I spent part of the 12-hour flight to Berlin reading through Design Basics (David A. Lauer, Stephen Pentak).Â This is the textbook for the design class I’m taking, and while I haven’t been able to absorb everything at once, I’ve found it quite enlightening and interesting to think about.Â I also read through Shibori by Karren Brito and Woven Shibori by Catharine Ellis.
These helped point up the source of the creative confusion I’ve been experiencing to date.Â It’s really just two questions, which need to be answered for any artist:
- What do I, as an artist, want to say?
- What can I say using this medium?
Identifying these questions has been really useful for me.Â It’s made me realize that, to date, most of my explorations in the fiber arts have revolved around the second question – exploring techniques, rather than expressing myself via those techniques.Â In part that’s because any novice must explore technique before getting down to expression, but it also reflects my own tendency to focus on developing technique, as that is more intellectually interesting and familiar to me than the pure self-expression.Â But to succeed at what I am after, to go beyond interesting variations in technique, I need to find out what I want to say as well.
That is what is so exciting about drawing and painting!Â I had been thinking of drawing as a technique – the objective being to duplicate what you see as closely as possible – but the exercises I have been doing so far have pointed me in another direction, expressing the essence of an idea.Â Gesture drawing in particular has been helpful for this, as the objective is to capture the gesture and the emotion of the moment, sacrificing pictoral accuracy in favor of emotional expressiveness (even if the completed drawing makes no sense to anyone, even you, after drawing it).Â The varied styles and even the different types of line used in drawing have made me realize just how personal a thing drawing is – one cannot say that one person draws exactly like another, even if they have drawn the same object, because their technical styles and experience of the object will differ.Â This is quite different from weaving, where duplicating a published pattern is quite possible, though it may take some skill.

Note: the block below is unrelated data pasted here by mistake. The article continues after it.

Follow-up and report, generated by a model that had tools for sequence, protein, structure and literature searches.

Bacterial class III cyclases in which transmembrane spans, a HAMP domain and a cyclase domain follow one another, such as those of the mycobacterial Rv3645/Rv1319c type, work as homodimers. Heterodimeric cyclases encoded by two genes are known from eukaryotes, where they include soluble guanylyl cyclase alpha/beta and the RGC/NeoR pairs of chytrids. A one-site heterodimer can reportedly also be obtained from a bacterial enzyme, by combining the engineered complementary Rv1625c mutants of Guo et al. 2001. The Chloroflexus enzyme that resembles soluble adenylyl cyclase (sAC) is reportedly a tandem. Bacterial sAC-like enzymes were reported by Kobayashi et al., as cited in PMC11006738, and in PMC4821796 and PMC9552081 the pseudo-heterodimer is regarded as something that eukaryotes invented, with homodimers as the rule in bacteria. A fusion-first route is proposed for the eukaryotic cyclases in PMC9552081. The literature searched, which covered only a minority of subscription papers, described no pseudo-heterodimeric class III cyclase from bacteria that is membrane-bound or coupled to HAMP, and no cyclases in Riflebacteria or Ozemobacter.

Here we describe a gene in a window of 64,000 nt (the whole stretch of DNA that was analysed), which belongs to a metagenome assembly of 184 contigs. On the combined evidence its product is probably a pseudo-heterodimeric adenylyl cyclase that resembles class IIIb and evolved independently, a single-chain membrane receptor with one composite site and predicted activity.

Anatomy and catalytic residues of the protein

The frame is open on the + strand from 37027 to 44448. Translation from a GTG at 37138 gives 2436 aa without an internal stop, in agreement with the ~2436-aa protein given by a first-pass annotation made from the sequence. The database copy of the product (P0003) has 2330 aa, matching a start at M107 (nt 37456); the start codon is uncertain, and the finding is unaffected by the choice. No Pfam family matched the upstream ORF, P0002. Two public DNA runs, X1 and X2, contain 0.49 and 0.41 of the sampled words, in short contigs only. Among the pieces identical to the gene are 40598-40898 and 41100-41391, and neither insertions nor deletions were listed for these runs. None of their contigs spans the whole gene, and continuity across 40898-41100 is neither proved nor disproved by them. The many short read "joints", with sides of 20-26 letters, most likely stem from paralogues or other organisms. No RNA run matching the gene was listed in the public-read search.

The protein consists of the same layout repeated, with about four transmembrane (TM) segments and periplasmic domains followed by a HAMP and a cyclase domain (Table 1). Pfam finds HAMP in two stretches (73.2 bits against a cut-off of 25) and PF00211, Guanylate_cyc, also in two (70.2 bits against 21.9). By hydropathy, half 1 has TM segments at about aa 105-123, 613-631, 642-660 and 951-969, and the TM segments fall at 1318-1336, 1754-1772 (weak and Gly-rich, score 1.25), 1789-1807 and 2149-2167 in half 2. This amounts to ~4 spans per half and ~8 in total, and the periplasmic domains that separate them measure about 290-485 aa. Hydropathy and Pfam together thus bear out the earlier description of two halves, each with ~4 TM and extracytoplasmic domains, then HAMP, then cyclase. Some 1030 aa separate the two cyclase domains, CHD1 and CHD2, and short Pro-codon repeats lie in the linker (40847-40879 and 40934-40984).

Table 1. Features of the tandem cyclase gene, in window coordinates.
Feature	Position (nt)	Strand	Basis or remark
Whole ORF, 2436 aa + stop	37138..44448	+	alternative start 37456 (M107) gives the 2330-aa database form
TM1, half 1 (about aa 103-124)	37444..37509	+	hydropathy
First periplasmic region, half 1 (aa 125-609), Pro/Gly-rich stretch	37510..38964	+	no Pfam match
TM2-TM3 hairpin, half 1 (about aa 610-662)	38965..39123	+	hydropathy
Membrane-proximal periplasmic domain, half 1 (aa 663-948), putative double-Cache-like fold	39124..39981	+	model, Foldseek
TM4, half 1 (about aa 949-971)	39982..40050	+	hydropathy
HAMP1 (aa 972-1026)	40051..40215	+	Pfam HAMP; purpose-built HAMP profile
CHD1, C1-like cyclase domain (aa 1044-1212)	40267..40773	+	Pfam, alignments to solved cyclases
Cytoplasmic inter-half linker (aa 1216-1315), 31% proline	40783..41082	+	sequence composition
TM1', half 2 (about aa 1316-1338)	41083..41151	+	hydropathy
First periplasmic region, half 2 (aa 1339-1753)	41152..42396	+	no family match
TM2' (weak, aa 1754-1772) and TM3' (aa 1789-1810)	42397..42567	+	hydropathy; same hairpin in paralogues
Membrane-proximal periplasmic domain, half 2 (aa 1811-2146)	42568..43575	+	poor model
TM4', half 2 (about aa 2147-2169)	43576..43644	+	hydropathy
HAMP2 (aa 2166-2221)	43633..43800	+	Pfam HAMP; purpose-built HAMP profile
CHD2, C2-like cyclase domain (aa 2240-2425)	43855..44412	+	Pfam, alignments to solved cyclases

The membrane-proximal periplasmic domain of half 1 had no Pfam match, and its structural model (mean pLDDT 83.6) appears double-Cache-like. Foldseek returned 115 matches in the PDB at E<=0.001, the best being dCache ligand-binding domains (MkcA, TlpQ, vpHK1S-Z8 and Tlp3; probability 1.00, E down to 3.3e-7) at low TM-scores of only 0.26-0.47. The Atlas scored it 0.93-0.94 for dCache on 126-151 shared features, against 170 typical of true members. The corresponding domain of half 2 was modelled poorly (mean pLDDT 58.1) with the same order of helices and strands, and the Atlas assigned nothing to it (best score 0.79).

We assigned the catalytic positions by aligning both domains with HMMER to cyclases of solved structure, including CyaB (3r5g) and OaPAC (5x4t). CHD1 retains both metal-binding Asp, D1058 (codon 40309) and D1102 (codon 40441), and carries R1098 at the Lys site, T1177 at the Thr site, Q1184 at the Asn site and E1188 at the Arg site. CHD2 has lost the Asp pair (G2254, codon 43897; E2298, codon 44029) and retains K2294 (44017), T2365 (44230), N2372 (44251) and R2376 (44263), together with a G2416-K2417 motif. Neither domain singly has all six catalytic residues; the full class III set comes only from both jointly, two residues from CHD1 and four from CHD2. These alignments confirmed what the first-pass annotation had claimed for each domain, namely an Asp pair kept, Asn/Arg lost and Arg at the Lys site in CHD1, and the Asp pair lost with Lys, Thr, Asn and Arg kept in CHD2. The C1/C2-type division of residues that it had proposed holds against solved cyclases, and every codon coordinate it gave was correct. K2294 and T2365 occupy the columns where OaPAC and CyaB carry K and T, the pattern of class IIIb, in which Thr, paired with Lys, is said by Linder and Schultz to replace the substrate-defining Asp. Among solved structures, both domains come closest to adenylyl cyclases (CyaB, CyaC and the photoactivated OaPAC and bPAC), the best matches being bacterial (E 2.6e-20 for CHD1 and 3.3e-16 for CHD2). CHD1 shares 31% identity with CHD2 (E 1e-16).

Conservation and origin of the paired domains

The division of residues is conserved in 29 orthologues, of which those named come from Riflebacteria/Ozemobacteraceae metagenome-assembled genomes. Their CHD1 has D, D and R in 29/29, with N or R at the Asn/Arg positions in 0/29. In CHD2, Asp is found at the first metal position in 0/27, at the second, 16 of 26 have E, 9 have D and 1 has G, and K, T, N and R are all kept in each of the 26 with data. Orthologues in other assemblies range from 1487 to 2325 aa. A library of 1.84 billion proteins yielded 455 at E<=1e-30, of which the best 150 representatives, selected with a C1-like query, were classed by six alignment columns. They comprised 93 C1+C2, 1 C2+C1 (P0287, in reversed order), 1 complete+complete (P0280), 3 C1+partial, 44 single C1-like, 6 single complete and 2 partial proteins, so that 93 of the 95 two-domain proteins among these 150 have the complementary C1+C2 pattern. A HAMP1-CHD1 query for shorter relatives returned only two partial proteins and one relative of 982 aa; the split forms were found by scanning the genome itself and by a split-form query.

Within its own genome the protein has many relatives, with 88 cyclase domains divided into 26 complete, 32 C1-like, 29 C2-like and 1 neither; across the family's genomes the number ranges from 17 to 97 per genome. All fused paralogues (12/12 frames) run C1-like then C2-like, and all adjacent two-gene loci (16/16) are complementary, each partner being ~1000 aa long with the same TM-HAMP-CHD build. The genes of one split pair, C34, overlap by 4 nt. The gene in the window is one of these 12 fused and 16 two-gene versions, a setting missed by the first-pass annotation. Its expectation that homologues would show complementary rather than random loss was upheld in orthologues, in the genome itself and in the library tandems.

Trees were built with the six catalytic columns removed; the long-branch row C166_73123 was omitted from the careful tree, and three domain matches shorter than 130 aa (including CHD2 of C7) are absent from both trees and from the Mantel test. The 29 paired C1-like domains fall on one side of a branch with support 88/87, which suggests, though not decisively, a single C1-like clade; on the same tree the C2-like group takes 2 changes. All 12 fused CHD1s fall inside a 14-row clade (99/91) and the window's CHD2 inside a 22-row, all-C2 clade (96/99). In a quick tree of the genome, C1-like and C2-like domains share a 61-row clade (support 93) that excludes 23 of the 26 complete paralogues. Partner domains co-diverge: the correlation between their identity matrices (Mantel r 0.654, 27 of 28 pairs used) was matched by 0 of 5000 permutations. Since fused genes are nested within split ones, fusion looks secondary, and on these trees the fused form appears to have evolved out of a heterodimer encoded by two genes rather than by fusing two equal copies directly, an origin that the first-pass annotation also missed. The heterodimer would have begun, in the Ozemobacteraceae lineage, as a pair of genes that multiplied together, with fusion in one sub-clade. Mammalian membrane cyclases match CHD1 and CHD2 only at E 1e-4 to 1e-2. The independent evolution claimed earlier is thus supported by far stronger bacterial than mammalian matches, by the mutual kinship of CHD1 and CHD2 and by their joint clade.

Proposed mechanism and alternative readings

The other challenge this poses for me is the wordless nature of the question, “What do I want to say?”Â Much of the communication in the art pieces in Design Basics is emotional, subconscious reactions to placement and repetition of color, shape, and line.Â It does not necessarily say anything explicitly (such is the nature of art), and as a result it is difficult for me to think consciously about what I want to express.Â My thinking is language-dominant, and lacking the words to express the ideas that I see in the art pieces, I find myself at a loss.
So that is today’s challenge: figuring out what, as an artist, I want to “say”, without conceiving it first in words.
Meanwhile, going back to the tried-and-familiar question of technique, I am really excited about the possibilities in woven shibori.Â I had not been very interested in woven shibori previously, as the examples I’d seen of woven shibori don’t catch my fancy, but after a short conversation with Karren Brito (an accomplished shibori artist) on the subject, I’ve come to realize that many of the things I didn’t like about the pieces I’ve seen are correctible.Â With better use of color, and finer threads, and more shafts, it might become an excellent way to synthesize dyeing and weaving.Â So I am eager to give that a try, and may actually cut off and rethread the taquete warp to something appropriate for shibori.Â (The tied threading I am using isn’t appropriate for woven shibori, as the floats wouldn’t be long enough.)Â I may also try some traditional shibori techniques on commercially woven fabric, to better familiarize myself with those techniques.
So many questions and opportunities for study!Â I’m practically collapsing beneath an avalanche of ideas.Â But soon enough it will settle out, I just need to give myself time for all these ideas to meld and “cook down” into a new understanding.